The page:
Thursday 23 November 2017

Books - Lynn Barber: The real Demon Barber of Fleet Street

Edel Coffey reads the latest memoir by the most feared celebrity interviewer in print – Lynn Barber non-fiction

Lynn Barber
Lynn Barber
Lynn Barber at her home in North London
Carey Mulligan attends the Opening Ceremony and 'The Great Gatsby' Premiere
'A Curious Career' by Lynn Barber

Edel Coffey

Everyone knows the Demon Barber of Fleet Street but outside of the musical Sweeney Todd, there is another Demon Barber, almost as terrifying as the one who cut people's throats and made them into meat pies – Lynn Barber, the celebrity interviewer.

Barber became famous for her hatchet jobs on actors, musicians, artists and singers. She shirked the silent code of paying lip service to dull celebrities and instead charged at them like a medieval jouster, battering them off their high horses and exposing their flaws for all to see.

This book is a collection of some of her finest interviews over the years. Barber writes: "My idea of a hellishly boring interviewee is one who is obviously nice, sane, polite, who chats pleasantly, is happy to answer your questions and clearly has nothing to hide. Where's the fun in that? Give me a monster every time – someone who throws tantrums, hurls insults, storms out, and generally creates mayhem."

Indeed, my own most memorable interviewees were always the hostile ones, the rude ones, the drunk ones or the downright bizarre ones. I once interviewed a man in his pyjamas in his hotel bedroom, who kept going to the bathroom at five-minute intervals and was using a cushion to try to quell some activity in his crotch region (which, I hasten to add, was there before I arrived). Another interview was conducted in a bathroom with a monosyllabic singer. While these interviews can be cringeworthy at the time, they're always preferable to the ones in which the 'stars' talk endlessly about their book/film/album.

Barber recounts her most famous interviews in this book, from an epic day in Dublin with Shane McGowan to a bad-humoured dinner with Marianne Faithfull.

Barber describes the latter as possibly her favourite interview. A sample paragraph goes thus: "No sooner have we been ushered into a private room downstairs than Marianne is muttering, 'What do you have to do to get a drink around here?' Order it, seems the obvious answer, but that's too simple – François [her assistant] has to order it for her ... suddenly, Marianne is shouting at François, 'Get it together!' and he is shouting back, 'What do you want, Marianne?' 'I don't know. What have they got?' she counters, drumming her feet under the table and moaning, 'I. Can. Hardly. Bear. It.' François keeps asking whether she wants wine or a cocktail. I'm thinking rat poison. Eventually she tells François a bottle of rosé. The waiter brings it with commendable speed and starts pouring two glasses. She snatches mine away – 'We don't need that. Where's the ice bucket?'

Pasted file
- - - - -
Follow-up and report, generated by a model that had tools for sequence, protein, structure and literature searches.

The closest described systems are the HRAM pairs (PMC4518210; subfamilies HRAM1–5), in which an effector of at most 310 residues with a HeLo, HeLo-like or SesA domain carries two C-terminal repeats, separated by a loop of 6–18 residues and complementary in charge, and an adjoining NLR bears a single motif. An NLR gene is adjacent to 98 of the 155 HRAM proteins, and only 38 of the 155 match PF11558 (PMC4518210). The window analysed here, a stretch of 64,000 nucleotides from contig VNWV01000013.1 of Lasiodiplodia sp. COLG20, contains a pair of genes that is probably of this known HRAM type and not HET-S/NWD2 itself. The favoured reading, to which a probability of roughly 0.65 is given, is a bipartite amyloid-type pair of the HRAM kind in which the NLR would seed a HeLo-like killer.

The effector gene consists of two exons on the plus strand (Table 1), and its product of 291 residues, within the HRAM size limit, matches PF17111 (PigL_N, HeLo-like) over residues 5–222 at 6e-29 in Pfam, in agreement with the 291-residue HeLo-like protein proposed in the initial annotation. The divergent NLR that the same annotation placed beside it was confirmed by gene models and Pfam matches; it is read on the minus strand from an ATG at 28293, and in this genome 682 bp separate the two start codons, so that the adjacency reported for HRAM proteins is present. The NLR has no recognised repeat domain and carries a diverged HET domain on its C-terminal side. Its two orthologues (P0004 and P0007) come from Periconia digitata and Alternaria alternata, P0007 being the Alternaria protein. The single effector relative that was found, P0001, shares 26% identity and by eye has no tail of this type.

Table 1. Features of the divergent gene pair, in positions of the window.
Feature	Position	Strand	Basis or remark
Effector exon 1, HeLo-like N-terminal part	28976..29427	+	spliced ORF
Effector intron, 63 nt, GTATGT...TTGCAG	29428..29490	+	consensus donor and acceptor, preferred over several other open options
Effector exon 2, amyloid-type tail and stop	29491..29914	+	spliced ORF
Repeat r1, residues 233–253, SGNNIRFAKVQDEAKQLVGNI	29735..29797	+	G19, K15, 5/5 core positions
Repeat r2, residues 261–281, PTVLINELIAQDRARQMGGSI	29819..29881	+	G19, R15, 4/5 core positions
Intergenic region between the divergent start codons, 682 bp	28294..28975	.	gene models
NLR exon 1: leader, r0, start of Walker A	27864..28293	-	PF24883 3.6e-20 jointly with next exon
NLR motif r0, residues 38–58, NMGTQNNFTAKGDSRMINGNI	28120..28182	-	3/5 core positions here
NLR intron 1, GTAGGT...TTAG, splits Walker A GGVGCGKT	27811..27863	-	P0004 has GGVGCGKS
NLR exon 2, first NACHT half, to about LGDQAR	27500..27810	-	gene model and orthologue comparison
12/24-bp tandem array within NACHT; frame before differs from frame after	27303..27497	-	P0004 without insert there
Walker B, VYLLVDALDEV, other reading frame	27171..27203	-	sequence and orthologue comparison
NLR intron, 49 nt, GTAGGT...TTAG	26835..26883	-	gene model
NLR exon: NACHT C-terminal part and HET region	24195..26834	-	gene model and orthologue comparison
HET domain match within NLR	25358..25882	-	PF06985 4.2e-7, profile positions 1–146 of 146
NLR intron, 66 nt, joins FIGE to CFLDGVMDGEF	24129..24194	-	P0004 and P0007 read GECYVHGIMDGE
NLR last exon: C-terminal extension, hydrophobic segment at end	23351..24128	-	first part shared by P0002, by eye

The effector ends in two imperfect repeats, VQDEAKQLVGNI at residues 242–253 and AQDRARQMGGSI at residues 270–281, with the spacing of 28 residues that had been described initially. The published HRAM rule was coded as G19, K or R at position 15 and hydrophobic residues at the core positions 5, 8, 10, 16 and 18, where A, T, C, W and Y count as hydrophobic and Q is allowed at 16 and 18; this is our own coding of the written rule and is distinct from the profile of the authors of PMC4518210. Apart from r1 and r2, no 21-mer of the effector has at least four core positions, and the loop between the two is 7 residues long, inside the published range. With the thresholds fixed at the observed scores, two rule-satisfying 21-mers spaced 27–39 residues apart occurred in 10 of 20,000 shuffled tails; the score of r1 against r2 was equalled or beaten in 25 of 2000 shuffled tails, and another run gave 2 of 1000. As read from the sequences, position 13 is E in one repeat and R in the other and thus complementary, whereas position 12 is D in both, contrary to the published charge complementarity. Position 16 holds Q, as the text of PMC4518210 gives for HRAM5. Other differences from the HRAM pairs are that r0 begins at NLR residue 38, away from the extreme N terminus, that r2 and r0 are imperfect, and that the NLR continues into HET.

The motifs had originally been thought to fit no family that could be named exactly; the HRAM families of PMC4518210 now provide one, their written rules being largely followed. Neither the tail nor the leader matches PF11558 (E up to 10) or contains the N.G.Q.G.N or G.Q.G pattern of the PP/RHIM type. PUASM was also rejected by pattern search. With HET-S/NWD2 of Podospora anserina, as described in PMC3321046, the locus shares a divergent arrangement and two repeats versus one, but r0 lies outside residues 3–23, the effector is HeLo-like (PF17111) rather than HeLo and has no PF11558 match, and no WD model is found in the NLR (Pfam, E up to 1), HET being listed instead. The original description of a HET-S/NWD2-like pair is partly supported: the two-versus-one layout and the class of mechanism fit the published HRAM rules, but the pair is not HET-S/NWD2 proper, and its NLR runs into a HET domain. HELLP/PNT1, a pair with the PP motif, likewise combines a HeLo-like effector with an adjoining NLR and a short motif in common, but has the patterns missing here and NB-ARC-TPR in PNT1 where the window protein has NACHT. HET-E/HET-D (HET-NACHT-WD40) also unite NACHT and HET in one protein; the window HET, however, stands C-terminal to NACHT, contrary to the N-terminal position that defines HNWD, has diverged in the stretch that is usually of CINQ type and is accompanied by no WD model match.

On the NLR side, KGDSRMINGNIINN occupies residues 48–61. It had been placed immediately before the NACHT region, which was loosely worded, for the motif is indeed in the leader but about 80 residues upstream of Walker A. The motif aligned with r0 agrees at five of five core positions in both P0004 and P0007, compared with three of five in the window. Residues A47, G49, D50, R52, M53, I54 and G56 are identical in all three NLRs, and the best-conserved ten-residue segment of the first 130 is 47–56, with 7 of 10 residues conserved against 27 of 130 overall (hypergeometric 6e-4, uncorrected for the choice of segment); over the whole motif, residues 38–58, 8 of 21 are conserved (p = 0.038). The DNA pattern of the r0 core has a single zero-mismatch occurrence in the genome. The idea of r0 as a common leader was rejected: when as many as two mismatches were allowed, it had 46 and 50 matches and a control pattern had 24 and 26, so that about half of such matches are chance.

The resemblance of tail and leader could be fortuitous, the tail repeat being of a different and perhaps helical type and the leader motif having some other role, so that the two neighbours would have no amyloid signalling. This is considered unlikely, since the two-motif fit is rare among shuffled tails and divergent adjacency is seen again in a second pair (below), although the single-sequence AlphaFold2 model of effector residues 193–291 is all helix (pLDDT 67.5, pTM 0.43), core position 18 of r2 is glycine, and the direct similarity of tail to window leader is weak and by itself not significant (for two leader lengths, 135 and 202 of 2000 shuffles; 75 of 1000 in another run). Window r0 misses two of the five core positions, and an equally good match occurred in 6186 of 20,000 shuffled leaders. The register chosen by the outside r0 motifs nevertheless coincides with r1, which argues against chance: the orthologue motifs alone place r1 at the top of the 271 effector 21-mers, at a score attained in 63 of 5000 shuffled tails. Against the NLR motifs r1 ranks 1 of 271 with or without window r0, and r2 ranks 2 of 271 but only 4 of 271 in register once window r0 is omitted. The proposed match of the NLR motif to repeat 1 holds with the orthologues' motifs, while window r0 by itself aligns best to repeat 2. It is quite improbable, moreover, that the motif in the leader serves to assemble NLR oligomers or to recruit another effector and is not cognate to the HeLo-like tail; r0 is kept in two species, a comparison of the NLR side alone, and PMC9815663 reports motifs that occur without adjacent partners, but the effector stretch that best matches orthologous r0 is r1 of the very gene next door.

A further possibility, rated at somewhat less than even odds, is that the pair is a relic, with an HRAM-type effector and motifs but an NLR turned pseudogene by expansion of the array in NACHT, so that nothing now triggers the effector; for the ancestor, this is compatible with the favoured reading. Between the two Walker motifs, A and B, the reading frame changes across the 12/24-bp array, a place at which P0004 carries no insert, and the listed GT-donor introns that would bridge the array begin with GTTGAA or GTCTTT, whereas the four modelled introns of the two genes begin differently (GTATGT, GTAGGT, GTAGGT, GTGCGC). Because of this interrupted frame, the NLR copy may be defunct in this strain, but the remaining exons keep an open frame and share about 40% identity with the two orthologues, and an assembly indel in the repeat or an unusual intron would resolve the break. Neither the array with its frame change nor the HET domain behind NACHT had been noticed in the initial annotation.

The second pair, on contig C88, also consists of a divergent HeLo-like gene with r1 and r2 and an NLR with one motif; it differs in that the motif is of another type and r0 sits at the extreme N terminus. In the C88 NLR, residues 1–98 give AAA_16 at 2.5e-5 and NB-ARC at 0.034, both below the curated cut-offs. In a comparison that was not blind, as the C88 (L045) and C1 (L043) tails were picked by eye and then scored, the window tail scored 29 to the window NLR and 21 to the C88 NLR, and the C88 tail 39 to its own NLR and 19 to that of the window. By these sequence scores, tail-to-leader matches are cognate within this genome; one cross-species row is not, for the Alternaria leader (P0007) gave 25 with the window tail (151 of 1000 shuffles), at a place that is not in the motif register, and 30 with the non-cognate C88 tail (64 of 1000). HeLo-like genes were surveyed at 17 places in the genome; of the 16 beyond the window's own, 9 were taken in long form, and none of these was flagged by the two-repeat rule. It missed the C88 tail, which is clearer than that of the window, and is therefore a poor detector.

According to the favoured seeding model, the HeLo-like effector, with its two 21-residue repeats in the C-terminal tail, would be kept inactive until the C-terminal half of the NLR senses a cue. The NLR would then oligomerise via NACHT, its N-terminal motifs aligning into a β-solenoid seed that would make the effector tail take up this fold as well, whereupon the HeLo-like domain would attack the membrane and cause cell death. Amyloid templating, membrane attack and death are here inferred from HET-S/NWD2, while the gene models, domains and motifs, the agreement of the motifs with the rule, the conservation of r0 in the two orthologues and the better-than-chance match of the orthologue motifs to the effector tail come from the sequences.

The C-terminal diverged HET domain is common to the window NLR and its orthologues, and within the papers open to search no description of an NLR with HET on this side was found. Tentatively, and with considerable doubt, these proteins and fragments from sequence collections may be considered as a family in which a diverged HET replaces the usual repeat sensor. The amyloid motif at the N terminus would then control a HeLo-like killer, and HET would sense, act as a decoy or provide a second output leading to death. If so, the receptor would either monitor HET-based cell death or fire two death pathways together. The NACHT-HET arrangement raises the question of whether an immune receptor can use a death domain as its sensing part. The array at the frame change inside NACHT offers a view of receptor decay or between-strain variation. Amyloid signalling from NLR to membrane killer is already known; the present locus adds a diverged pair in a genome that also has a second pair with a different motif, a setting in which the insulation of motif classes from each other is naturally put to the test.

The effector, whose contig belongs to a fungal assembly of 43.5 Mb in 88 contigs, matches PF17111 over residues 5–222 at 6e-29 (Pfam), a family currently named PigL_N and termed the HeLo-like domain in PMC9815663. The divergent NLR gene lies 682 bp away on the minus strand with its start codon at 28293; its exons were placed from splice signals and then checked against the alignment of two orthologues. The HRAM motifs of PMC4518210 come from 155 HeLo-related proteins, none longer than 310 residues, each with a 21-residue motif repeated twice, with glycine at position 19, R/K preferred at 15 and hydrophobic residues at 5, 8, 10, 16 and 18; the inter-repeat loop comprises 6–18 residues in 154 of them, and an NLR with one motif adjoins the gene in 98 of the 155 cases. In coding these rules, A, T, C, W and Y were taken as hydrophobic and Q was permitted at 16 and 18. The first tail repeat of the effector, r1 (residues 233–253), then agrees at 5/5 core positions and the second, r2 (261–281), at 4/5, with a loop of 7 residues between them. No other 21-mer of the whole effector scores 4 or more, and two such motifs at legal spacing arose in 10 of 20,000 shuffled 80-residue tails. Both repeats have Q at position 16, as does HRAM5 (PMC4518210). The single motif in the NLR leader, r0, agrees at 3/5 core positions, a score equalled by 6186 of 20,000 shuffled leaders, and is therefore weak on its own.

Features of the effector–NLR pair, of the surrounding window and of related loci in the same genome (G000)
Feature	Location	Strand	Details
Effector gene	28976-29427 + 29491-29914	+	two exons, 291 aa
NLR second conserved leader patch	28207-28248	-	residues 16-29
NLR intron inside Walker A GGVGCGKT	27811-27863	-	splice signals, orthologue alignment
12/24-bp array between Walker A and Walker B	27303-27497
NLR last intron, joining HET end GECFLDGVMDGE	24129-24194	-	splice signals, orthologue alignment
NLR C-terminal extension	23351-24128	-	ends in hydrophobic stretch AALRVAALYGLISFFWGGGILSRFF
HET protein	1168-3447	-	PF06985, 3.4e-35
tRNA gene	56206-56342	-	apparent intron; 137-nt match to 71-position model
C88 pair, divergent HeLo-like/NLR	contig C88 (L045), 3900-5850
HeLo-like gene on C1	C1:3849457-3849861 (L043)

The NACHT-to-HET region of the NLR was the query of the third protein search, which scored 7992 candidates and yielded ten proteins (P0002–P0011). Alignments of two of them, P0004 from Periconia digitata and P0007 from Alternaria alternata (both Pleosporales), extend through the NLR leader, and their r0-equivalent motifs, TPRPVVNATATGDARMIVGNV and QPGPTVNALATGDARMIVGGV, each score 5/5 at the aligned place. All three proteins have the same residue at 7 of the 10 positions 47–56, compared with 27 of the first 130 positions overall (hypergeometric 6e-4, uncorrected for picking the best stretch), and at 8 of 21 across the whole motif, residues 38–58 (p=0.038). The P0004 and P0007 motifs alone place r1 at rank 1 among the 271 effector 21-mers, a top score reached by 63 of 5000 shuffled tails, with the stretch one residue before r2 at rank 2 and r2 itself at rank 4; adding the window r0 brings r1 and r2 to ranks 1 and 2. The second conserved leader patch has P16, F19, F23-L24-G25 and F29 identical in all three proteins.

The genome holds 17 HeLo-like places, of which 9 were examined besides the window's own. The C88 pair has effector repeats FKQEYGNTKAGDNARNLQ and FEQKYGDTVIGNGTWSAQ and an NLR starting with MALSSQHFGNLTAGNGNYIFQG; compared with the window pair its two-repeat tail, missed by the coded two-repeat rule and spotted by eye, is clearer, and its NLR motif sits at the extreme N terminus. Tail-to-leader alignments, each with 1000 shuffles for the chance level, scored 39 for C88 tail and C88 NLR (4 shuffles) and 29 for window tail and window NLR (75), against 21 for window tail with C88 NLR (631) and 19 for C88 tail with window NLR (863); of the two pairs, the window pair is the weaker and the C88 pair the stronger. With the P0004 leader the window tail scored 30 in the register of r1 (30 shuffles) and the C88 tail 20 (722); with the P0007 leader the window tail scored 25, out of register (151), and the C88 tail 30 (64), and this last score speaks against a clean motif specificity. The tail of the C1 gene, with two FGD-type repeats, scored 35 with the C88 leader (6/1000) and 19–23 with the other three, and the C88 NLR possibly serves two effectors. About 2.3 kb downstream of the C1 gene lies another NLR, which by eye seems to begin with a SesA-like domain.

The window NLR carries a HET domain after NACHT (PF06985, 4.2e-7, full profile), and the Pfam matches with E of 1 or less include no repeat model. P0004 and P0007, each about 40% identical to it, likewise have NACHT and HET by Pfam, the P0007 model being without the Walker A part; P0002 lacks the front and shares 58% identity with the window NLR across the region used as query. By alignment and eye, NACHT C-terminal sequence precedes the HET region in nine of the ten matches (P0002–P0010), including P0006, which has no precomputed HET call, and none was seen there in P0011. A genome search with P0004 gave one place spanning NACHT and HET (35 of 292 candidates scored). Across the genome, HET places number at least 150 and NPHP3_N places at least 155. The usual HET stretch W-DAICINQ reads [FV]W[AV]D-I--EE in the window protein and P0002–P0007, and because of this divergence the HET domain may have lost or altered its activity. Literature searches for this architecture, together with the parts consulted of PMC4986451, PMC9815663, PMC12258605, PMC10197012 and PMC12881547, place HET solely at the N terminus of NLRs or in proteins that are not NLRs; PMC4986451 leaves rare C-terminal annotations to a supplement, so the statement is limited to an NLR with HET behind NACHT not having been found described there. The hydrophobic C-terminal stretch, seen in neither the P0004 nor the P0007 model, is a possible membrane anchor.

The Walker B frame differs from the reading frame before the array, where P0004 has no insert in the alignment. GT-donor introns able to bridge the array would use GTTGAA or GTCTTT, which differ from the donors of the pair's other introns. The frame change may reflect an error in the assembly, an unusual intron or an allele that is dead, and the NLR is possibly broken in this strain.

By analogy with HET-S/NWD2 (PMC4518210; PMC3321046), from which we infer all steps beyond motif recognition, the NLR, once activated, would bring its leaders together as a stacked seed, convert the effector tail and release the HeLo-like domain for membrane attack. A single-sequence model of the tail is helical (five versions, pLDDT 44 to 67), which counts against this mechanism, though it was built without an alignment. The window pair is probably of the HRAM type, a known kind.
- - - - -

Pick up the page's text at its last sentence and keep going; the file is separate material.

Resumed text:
"The waiter goes away and comes back with an ice bucket. 'I'll have the veal escalope,' she tells him. He waits politely for my order. 'Veal! Vitello!' she snaps – she can't understand why he is still hanging around when he should be off escaloping veal. 'I'll have the same,' I say wearily."

Likewise, her interview with Salvador Dali is highly entertaining. She spent five days with the eccentric artist and when she asked him about his everyday life he answered: "My day the most regular possible. Wake at nine, in bed working till 11. Lunch. Go for leetel swim, making no movement [he demonstrated floating on his back]. After a siesta of 25 minutes, then working, then nude girls come for me to watch – no touch – then some drawing. At six o'clock make peepee and at eight many pederasts arrive, because Dali like zee adrogyne people."

The interview ended with Dali making Barber a hat (which she had valued at £15,000) and his partner Gala kicking Barber out.

She started her career as a writer for the 'men's magazine' Penthouse, having failed to get work in more conventional publications. She went on to write for the biggest UK newspapers and developed her name as the most formidable interviewer of her time.

She still writes for the Sunday Times and says she will not retire (there's an enjoyable chapter on age at the end of this book).

Barber's early life is fascinating, although it's only alluded to here as it was already the subject of another memoir, An Education, (subsequently a film in which she was played by Carey Mulligan), which went into her love affair with an older conman when she was a schoolgirl. That was so successful her publisher asked her for a sequel, but she did not want to do that and the focus here is entirely on her career

While the interviews make up the core of this book, there are very interesting insights into how journalism has changed over the last 40 years, as well as essential interviewing tips for anyone starting out.

There's never been anything fancy about Barber's writing and that remains the case here. Her skill has always been in sharp observations and the sly digs, which are fully present and, more importantly, very entertaining.

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